Over at The Boar's Head Tavern, Travis Prinzi, writing about Black Americans and their lower socio-economic status, says this:
But what that change looks like, I still don’t entirely know, except that I know it needs to be rooted in the death of Jesus for all tribes, tongues, and nations - and not in the American Dream’s “myth of meritocracy,” nor in the welfare-state and unfounded optimism (detached from the hope of Christ) of the so-called “progressives.”
What Travis is describing in his extended post is his struggle to come to terms with his conservative upbringing (which pretty much argued, and I quote, “racism is over, black people need to just not be lazy”) and his current position of being in urban ministry and ministering the Gospel to black folk.

Having already seen his conservative beliefs on this issue challenged to the point where he has jettisoned some of them, Prinzi is unsure of where to go. What will bring Black Americans out of their low socio-economic position in American society? What will it involve? Well, he says, whatever it will be it will be "rooted in the death of Jesus".

Whoa. Hang on there. Is he seriously suggesting that the only solution for black America's situation is Jesus? Hmmm. If I disagree with such an assertion I might sound terribly unchristian. So let me extrapolate a little.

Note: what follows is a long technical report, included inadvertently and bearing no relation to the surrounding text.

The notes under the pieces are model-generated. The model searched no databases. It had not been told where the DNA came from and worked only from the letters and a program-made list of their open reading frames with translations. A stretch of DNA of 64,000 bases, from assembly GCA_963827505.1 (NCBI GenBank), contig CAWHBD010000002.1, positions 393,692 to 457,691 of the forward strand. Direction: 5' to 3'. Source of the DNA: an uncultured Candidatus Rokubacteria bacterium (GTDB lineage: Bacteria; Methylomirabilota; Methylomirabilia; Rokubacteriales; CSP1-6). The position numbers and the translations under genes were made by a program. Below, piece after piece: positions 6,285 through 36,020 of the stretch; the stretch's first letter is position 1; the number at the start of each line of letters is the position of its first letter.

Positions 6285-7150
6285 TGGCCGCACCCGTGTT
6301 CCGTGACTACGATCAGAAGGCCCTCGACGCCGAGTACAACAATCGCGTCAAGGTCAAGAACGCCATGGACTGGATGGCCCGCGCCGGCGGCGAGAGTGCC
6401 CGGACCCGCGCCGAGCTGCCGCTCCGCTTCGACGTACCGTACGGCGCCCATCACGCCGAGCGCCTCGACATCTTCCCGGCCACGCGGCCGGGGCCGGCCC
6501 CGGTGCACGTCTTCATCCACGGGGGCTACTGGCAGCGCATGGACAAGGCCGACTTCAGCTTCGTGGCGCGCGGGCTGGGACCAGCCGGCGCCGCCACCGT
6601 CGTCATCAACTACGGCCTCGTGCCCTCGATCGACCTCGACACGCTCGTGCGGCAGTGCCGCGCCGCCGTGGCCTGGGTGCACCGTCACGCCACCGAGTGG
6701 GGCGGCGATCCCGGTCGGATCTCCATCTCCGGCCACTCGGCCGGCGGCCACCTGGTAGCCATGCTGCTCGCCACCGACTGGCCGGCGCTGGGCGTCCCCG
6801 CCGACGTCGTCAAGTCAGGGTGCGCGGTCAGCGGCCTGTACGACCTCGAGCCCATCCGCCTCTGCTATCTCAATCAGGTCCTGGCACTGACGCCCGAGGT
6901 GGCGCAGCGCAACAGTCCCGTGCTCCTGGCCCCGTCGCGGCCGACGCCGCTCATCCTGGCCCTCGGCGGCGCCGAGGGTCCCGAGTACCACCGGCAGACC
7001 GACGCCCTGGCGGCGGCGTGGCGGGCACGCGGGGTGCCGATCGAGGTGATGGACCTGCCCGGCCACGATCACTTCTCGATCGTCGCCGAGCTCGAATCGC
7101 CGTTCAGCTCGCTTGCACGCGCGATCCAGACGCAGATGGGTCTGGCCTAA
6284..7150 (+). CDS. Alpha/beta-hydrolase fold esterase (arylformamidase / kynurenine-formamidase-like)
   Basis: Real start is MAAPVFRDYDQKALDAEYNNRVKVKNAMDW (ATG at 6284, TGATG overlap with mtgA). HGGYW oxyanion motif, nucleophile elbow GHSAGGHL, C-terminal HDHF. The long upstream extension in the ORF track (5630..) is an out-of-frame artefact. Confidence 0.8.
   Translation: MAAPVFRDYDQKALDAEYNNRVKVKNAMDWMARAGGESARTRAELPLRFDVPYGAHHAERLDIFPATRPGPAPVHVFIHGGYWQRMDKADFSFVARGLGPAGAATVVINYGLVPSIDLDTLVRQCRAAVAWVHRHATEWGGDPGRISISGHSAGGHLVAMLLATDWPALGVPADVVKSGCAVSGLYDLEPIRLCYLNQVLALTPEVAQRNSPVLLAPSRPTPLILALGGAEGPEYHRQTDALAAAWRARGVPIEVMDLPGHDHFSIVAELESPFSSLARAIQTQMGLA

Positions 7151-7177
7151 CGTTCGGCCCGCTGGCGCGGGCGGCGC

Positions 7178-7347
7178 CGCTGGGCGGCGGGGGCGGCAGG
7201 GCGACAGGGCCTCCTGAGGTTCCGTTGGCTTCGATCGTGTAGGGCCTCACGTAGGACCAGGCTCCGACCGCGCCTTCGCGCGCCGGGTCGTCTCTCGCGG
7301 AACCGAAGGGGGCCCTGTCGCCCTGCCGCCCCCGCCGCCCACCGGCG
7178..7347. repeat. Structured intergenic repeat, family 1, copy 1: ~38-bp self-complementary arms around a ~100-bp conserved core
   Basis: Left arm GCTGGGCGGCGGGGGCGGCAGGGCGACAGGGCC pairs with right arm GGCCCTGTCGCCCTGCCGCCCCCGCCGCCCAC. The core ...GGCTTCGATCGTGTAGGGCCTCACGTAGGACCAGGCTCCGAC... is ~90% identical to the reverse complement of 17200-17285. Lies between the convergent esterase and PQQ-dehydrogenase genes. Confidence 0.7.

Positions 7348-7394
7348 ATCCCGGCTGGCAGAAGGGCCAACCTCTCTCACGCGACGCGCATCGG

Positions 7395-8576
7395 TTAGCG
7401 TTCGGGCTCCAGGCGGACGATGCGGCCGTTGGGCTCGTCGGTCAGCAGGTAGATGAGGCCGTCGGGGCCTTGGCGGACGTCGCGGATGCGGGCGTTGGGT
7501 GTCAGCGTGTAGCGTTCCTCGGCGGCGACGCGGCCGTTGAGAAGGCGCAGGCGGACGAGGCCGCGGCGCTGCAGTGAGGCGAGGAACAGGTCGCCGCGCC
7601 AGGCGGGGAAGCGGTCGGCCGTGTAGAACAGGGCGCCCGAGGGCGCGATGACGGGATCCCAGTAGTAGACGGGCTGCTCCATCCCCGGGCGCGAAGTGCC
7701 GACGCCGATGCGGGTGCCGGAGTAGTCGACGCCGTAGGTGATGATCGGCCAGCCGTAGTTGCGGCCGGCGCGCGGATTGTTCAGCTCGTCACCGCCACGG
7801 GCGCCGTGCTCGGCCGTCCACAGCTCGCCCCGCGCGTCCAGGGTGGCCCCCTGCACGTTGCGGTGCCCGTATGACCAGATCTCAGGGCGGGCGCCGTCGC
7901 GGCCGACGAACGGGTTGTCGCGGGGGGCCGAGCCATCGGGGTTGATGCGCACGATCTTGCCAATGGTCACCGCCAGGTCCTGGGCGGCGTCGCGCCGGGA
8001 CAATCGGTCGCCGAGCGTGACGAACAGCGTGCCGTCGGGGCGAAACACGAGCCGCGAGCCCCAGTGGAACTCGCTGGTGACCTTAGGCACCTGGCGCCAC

The idea that Jesus' death on the cross is the ultimate answer to any and every question has some truth in it. Christians believe that our world is beset by sin and that all problems have their ultimate root in the spread of suffering and evil emanating from Adam's original sin in the Garden of Eden. Christians also believe that Jesus came to earth and, through his death and resurrection, defeated death and solved the problem of sin through faith in his atoning death. That's what Christians believe, and it's what I believe too.

But to suggest that Jesus' death is a meta-answer to all the world's problems NOW is different from saying that Jesus WILL BE the meta-answer to all the world's problems. A man with a broken leg needs to be told the Gospel, but he also needs his leg mended. His acceptance of the Gospel will not heal his broken leg.

Christians need to understand that accepting Christ as saviour and Lord is NOT necessarily going to lead them to greater prosperity, it will NOT necessarily make them happier, it will NOT necessarily make their family relations better, it will NOT suddenly cure them of illnesses or addictions.